Keep up the good work.

Thumbs Up for the New Endo

Transitioning from one endocrinologist to another can be emotional and stressful.  We’ve been over this.

As many people expressed similar anxieties about perhaps having to switch doctors at some point in time when I first blogged about this topic, I wanted to provide a quick update on that front:

Today I met my new endocrinologist, as my former endo relocated far away.  New Endo was kind and understanding.  There were no lectures, which automatically earns her many (sugar-free) brownie points in my book.  We set realistic goals which will help improve quality of life a bit.  (Think along the lines of decreasing basal rates to avoid treating multiple lows in the early morning hours with old Christmas candy stash goodies.  And of course, I renewed my vows to put on my brave face and try to take more insulin each day.)

A lot of this stuff seems so obvious now that I’m writing it down.  But it helps to just speak it out loud to a knowledgeable endo’s ears and to have her input in making adjustments which can have big impacts on my health.

We’re going to get where we want to be in terms of my diabetes management eventually.  It has been a year of SO many big changes, but I am learning that change can be good, especially if you have the right people in your corner helping you to keep on, keepin’ on.

Insulin Angels in Hotel Mini Fridges

Please note: I was asked as a member of the diabetic online community to provide feedback on Insulin Angel and I am happy to do so.  I did not receive compensation in any form for writing this blog post.

Let’s be honest, no one designed hotel mini fridges with the intention of storing insulin at safe temperatures.  I was always under the impression that the original hotel mini fridge engineer wanted just enough tilt when opening the door to rustle a few alcoholic beverages and drive up your bill.

When most people open a hotel mini fridge, their objective is to quench their thirst.  My main concern, however, is just how cold the beverages in the fridge may be- because if the beverages are borderline frozen, well, so is my insulin.  You’ve all heard enough of my griping about ketones to last you a lifetime, so I’ll spare you the story this time around.

Bottom line: We all know that we need insulin to survive.  Insulin that is too hot or too cold compromises the efficacy of the medication, and, therefore, endangers our health.  Forgetting that insulin in the fridge when going out for the day is not highly recommended, either.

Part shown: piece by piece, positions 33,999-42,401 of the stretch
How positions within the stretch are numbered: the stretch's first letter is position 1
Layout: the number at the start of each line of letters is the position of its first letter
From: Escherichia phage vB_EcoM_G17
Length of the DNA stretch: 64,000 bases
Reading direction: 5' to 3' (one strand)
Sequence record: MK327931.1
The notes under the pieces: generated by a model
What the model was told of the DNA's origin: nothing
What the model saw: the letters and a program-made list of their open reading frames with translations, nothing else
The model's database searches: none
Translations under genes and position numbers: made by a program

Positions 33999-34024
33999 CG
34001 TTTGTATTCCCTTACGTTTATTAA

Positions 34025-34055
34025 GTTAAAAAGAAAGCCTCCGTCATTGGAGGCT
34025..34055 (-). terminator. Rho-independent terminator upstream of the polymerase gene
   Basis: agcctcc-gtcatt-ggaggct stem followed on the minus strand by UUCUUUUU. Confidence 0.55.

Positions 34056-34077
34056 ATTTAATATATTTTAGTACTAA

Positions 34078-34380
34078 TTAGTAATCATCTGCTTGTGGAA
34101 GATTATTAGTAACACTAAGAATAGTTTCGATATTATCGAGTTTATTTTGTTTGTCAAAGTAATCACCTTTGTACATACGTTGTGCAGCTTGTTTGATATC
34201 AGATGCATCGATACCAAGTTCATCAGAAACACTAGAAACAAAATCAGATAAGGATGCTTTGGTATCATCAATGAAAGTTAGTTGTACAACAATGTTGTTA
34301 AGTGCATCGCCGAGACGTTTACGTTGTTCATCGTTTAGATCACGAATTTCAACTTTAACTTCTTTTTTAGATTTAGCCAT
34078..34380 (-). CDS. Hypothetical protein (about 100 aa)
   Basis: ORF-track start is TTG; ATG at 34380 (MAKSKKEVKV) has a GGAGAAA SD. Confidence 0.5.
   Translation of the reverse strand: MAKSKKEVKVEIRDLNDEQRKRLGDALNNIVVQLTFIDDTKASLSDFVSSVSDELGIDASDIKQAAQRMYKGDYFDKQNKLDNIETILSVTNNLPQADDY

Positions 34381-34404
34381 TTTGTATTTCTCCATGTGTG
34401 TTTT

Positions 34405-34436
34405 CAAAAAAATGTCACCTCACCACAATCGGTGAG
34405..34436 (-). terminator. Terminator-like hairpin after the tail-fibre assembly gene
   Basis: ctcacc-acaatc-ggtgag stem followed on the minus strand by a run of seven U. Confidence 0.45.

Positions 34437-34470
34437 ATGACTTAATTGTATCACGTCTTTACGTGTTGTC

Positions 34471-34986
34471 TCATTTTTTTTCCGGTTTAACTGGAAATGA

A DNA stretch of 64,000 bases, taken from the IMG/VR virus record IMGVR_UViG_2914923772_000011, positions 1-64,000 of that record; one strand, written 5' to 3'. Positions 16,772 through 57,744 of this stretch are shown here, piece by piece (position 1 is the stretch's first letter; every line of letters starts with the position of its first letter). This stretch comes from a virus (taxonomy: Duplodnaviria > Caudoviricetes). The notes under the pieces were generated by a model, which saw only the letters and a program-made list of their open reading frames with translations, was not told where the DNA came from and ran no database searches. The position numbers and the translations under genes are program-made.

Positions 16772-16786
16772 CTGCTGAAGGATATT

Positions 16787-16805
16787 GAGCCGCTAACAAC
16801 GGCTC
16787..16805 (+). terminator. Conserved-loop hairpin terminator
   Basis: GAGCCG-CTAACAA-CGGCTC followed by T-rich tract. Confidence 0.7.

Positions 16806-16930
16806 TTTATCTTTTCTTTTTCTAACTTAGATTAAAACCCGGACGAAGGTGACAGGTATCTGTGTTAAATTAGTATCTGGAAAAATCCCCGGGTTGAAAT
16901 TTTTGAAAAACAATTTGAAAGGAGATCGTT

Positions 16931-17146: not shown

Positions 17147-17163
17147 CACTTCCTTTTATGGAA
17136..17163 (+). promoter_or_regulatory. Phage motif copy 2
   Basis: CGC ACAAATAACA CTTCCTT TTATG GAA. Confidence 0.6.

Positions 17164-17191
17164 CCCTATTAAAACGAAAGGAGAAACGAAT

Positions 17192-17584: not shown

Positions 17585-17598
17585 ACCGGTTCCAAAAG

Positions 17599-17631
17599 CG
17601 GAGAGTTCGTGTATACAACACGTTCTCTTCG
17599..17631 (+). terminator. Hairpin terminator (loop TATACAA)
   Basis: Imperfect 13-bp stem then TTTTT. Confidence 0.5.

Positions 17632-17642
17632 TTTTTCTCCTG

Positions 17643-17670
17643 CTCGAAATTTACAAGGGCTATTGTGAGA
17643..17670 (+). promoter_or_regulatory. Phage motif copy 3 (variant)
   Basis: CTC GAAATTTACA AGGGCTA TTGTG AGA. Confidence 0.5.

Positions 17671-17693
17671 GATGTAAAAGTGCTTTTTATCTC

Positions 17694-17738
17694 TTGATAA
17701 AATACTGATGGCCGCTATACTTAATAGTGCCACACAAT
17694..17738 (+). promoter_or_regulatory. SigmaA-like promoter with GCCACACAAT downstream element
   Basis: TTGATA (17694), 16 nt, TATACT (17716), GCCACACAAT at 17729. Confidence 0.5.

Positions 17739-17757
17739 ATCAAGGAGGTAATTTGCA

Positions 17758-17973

Mike Hoskins of Diabetes Mine provided a detailed take on Insulin Angel, a product which will alert users to unsafe insulin temperatures and inadvertent moments of forgetting to carry insulin by utilizing that handy dandy thing called modern day technology.

While I have not personally used the Insulin Angel product yet, I feel comfortable stating why I think this concept has potential:

1. Insulin Angel’s marketing strategy catches my attention because they are reaching out directly to those who their product will help: the diabetic community.  Through crowdfunding, diabetics will drive this idea.  Insulin Angel understands their consumers because they understand life with diabetes.

2. Have I mentioned how I just want a nice cold iced tea from the hotel mini fridge without thinking twice about insulin temperature yet?!

3. Fun activities like going to the beach in the summer should stay carefree.  Let Insulin Angel do the worrying about insulin temperatures for you; you can correct any potential insulin temperature problem early on, rather than suffer the consequences later.

4. This product offers possibilities in a world that is not always diabetes-friendly. 

As an example, diabetes is often considered a medically-disabling condition of military service.  Although we have heard of people with diabetes who are able to remain in service in some capacity, one big reason why the military and diabetes don’t jive well is because of the need for insulin refrigeration; this proves technically-burdensome on deployments.

While I in no way, shape, or form am implying that Insulin Angel’s product will be helpful to allow diabetics to join or stay in the military (nor do I want to start a debate here), the main takeaway in raising the example is this: Previous/current limits on diabetics- whether self-imposed or societally-imposed- may one day be lessened due to this product.

Insulin Angel has the potential to give us another useful tool in our diabetes toolkits.  It eliminates one of the many “I wonder if I’m high because of ______?” factors in that we can cross “unreasonable insulin storage temperatures/forgetting my insulin at home” off that list.

Think of it what you will.  In the meantime, I’m ordering my #SaveHotelMiniFridges bumper sticker.